The Melting Middle: Unleashing the full potential of high impact entrepreneurs

melting middle

The Melting Middle

In the US, 30% of small and medium-sized enterprises (SMEs) are owned by women while in Canada, only 16% of SMEs are owned by women. Yet in countries such as Ghana, Thailand and Uganda there are more female startups than male startups. A headcount of startups or women-owned SMEs, however, does not provide the full story.  All female entrepreneurs are important but they are not the same.

The ‘Melting Middle’ approach was developed in order to identify the differences that exist between distinct types of women entrepreneurs. This novel approach highlights the fact that though women entrepreneurs operate in all countries under all economic conditions, the types of female entrepreneurs that emerge are affected by a combination of personal characteristics and specific gendered conditions. For example, If gender impediments are great, women who are promising and potential entrepreneurs will choose to either not start or not scale their businesses. This is unfortunate, since this group of skilled and educated women are also the most receptive to policy initiatives that address the reduction or elimination of gendered barriers. Some countries are already tapping into these high impact female entrepreneurs, but more needs to be done to unleash their full impact.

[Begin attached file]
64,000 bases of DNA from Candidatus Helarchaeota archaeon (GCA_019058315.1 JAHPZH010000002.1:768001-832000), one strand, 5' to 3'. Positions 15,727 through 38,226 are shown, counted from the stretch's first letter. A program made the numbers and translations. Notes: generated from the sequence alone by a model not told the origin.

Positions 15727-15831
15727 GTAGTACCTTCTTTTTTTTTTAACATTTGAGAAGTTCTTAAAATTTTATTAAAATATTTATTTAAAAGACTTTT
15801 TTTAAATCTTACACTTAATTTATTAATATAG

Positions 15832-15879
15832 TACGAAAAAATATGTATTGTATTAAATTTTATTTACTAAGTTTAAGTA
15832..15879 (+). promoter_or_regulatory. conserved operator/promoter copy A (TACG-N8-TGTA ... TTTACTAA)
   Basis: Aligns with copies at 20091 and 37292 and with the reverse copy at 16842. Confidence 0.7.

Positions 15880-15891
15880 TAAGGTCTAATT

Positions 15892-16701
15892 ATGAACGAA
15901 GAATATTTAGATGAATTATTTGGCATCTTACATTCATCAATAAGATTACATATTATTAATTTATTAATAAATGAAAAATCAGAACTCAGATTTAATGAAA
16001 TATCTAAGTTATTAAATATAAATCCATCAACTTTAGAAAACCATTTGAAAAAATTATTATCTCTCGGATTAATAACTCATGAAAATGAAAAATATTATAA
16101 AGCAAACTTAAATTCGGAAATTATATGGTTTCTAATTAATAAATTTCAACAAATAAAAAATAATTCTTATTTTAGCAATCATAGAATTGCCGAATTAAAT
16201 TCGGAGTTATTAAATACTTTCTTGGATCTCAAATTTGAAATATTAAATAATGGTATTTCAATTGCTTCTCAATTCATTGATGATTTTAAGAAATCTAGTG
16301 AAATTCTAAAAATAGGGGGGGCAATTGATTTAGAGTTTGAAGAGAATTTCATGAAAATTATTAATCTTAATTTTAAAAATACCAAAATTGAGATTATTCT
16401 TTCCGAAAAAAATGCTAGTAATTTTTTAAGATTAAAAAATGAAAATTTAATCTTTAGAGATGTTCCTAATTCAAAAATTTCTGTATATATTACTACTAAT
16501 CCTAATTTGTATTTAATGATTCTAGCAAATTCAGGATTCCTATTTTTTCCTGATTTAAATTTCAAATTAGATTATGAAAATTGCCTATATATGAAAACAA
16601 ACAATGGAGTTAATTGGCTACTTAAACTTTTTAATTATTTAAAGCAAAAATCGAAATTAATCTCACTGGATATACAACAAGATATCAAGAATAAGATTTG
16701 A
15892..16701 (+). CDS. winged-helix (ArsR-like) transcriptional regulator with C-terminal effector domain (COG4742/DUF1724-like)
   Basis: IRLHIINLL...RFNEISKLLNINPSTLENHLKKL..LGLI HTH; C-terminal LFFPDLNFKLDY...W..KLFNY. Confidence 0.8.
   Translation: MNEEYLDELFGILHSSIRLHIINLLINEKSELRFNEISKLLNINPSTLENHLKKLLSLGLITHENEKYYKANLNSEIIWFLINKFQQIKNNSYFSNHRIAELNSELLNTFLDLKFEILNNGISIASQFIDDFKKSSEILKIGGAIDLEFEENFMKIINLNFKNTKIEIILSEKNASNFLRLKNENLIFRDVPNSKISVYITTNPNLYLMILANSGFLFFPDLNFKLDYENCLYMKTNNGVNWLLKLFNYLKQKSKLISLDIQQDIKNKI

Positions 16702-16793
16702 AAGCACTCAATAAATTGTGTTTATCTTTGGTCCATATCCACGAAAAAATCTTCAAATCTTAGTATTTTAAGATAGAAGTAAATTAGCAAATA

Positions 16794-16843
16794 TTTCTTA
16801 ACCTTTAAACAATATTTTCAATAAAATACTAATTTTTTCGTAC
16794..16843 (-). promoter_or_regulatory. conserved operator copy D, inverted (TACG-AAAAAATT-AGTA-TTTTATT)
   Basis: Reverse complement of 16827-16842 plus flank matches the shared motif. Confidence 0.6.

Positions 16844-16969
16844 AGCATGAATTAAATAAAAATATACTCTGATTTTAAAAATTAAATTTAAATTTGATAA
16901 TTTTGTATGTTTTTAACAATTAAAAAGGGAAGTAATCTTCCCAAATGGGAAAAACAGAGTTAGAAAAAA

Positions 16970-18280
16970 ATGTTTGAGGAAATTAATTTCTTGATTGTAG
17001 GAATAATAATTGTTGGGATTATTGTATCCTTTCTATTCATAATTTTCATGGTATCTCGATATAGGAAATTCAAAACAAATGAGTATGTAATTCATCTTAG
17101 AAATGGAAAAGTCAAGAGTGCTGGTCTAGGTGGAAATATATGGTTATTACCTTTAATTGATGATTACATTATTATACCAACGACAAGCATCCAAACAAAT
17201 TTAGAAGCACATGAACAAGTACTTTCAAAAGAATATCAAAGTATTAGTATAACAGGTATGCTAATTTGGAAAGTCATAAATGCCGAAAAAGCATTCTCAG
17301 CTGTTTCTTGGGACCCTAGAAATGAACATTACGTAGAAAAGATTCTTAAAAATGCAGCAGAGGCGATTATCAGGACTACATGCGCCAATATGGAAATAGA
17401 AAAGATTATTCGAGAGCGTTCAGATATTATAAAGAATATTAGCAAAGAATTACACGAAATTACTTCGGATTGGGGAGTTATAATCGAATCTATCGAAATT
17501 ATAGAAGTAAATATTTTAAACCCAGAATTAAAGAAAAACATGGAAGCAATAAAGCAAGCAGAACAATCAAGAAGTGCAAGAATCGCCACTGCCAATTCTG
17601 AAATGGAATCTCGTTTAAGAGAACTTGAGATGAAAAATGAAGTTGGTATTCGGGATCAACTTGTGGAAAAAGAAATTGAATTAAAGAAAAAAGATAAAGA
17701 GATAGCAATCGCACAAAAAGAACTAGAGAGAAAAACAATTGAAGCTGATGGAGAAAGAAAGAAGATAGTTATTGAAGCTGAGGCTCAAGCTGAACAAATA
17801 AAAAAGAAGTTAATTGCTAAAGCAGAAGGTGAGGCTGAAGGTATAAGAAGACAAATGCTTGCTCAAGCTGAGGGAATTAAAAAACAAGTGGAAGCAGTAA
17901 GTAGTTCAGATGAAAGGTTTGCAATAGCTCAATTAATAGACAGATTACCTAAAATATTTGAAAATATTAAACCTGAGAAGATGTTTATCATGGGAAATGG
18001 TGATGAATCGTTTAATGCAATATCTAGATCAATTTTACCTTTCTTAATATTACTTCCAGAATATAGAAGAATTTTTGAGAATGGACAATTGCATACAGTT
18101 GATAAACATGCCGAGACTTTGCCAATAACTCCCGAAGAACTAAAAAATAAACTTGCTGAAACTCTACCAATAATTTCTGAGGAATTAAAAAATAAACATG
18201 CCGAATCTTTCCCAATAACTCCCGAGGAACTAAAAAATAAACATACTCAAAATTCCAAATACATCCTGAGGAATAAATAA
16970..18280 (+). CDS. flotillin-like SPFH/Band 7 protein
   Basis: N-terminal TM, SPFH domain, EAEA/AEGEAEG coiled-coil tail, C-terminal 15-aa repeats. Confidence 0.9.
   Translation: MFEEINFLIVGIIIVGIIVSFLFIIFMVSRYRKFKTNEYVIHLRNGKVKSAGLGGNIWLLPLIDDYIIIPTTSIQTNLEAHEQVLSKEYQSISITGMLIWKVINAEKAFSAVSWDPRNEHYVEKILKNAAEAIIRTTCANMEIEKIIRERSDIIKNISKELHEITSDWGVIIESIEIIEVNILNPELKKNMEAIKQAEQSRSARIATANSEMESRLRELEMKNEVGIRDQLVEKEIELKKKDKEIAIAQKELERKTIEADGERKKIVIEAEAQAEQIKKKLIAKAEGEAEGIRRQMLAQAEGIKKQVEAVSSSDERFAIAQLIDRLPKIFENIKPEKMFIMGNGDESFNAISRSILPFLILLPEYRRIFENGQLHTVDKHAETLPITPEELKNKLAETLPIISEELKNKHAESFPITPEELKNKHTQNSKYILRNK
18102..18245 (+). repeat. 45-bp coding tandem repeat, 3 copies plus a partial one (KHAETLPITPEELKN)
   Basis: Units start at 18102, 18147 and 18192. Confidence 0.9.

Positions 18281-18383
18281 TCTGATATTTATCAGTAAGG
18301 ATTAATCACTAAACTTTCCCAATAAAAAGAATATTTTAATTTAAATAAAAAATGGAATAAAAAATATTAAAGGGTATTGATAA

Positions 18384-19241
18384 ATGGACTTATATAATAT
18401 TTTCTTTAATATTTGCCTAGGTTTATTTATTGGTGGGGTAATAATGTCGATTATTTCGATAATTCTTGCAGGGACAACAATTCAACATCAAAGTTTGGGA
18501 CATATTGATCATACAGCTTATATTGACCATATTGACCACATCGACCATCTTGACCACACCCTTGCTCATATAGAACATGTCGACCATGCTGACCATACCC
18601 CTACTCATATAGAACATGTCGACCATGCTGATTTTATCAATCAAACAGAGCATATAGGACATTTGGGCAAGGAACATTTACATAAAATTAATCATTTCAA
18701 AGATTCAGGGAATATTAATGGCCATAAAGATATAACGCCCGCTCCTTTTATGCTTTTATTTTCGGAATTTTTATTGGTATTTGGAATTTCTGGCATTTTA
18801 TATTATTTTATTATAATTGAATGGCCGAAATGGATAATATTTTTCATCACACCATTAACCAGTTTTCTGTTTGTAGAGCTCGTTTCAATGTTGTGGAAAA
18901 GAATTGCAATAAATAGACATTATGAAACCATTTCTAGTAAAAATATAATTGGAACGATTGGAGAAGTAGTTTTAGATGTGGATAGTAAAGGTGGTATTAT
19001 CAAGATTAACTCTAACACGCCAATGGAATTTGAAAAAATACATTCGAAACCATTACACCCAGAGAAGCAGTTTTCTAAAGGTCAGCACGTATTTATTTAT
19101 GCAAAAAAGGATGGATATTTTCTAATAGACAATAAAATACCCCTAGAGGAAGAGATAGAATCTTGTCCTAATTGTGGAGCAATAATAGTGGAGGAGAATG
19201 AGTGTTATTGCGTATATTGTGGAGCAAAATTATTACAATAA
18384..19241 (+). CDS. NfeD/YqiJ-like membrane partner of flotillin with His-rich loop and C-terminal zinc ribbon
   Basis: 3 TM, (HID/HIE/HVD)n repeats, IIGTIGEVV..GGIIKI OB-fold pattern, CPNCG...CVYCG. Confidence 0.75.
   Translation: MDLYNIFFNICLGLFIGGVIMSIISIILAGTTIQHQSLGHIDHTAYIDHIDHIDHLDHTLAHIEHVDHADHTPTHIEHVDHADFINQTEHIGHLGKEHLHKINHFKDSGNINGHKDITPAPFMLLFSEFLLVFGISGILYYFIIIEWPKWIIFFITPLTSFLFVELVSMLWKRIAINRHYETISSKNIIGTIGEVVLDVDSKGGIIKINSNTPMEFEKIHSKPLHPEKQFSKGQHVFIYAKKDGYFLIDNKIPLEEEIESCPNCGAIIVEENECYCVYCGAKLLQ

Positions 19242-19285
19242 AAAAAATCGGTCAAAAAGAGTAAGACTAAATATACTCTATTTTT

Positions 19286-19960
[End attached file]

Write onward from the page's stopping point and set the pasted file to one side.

Imagine an ice cream cone. Now imagine taking the ice cream cone into a sauna. Within minutes, there is little resemblance of any ice cream left.  Similarly, potential and promising entrepreneurs who are the most sensitive to gendered impediments can literally severely limit or cease to engage in entrepreneurship under harsh conditions. The waffle cone however, remains unaffected by the heat of the sauna. The cone exemplifies the three other types of women entrepreneurs (privileged, die hard and reluctant) who engage in entrepreneurial pursuits regardless of prevailing conditions.